The original Mazda CX-9 that debuted in 2006 was groundbreaking in its own right, proving a three-row crossover didn’t have to be boxy or dreadful to drive. The 2016 Mazda CX-9 has been engineered to improve upon that foundation in every possible fashion, from looks, to performance, fuel economy, luxury, and technology. Debuting at the 2015 Los Angeles auto show, the CX-9 crossover is about 20 percent more efficient than its predecessor, 198 pounds lighter, has the most torque in its segment, and raises the bar for interior design and material quality.
Kodo’s largest canvas yet
With the addition of the 2016 Mazda CX-9, the brand’s Kodo design language has now been applied to every vehicle across the model range. This latest evolution of the so-called “Soul of Motion” design is said to find a balance between the active, sculpted athleticism of a car like the Miata and the strong, stable poise of an SUV.
Mazda wanted to give the CX-9 a powerful foundation, which builds from a trapezoidal stance that looks steady on its haunches. Aiding this effect are shorter overhangs front and rear, although the wheelbase has been stretched 2.2 inches to increase legroom as well as ease of ingress and egress. The more fluid and active design we’ve seen in other Mazdas is apparent more in the upper half of the 2016 Mazda CX-9. Lines emerge primarily from the shield grille up front, which flows into the LED headlamps, with contours continuing along the side of the car toward the rear. A fast roofline echoes this approach, finishing at the rear with a nicely raked rear window. The result is an SUV that looks stylish but subtly capable, which is fitting for the Mazda that’s most geared toward utility as well as comfort.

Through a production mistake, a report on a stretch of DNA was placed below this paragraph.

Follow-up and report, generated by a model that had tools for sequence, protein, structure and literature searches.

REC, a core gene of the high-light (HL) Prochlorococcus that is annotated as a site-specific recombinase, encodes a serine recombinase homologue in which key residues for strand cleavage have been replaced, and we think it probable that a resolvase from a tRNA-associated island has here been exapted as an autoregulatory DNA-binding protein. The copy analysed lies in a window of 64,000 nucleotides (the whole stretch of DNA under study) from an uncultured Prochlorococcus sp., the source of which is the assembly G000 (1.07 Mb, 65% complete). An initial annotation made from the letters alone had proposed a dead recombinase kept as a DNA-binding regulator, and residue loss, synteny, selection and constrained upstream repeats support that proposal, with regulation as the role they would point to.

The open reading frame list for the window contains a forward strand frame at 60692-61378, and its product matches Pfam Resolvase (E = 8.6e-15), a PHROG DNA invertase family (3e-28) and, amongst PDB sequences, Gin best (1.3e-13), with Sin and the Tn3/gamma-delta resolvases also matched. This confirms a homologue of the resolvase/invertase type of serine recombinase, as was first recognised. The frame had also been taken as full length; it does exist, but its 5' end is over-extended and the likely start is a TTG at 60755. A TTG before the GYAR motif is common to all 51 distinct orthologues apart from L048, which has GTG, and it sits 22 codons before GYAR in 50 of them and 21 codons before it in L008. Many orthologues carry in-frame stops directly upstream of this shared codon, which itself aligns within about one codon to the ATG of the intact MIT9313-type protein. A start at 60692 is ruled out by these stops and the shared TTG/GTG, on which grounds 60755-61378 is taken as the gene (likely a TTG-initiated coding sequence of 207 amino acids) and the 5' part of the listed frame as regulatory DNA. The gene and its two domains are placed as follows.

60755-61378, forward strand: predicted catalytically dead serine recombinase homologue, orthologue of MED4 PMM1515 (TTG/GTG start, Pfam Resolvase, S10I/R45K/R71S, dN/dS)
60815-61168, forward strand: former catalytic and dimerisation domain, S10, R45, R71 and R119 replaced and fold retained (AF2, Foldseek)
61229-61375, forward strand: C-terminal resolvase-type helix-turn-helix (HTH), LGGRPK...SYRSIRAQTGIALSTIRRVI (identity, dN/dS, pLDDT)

Improved materials and design
Finding the right combination of openness and intimacy was Mazda’s main goal with the layout of the CX-9’s interior. The upper portions of the interior, such as the dashboard, are all angled slightly away from the driver to emphasize spaciousness, while lower sections of the interior are meant to create an enveloping effect for the driver.
But what you’ll notice more than anything else inside the CX-9 is a profound commitment to using better materials. The 2016 Mazda CX-9 will offer both real leather and high-end Nappa leather, unique hand-laid Japanese wood, and actual aluminum. Even more so than in impressive interiors like the Mazda6, the CX-9 is pushing harder and harder toward a premium space rather than the mainstream one it’s more widely known for. Interior dimensions aren’t yet available, but we’re told that space is more or less unchanged compared to the last CX-9.
In addition to its available suite of active-safety features (adaptive cruise control, blind spot monitoring, lane departure warning), Mazda overall aimed for a cleaner and less complicated interface and ergonomic approach to keep the driver focused. Looking ahead, you’ll also be greeted by a head-up display that’s now projected directly onto the windscreen, replacing the chintzy pop-up HUD we once likened to something from a StarFox cockpit.
On top of the safety technology, there’s lots of convenience tech packed into the new CX-9. In the center stack is a 4.6-inch touchscreen, there are two USB ports positioned for passengers in the rear, and Bose supplies the optional 12-speaker sound system.
New turbocharged Skyactiv-G engine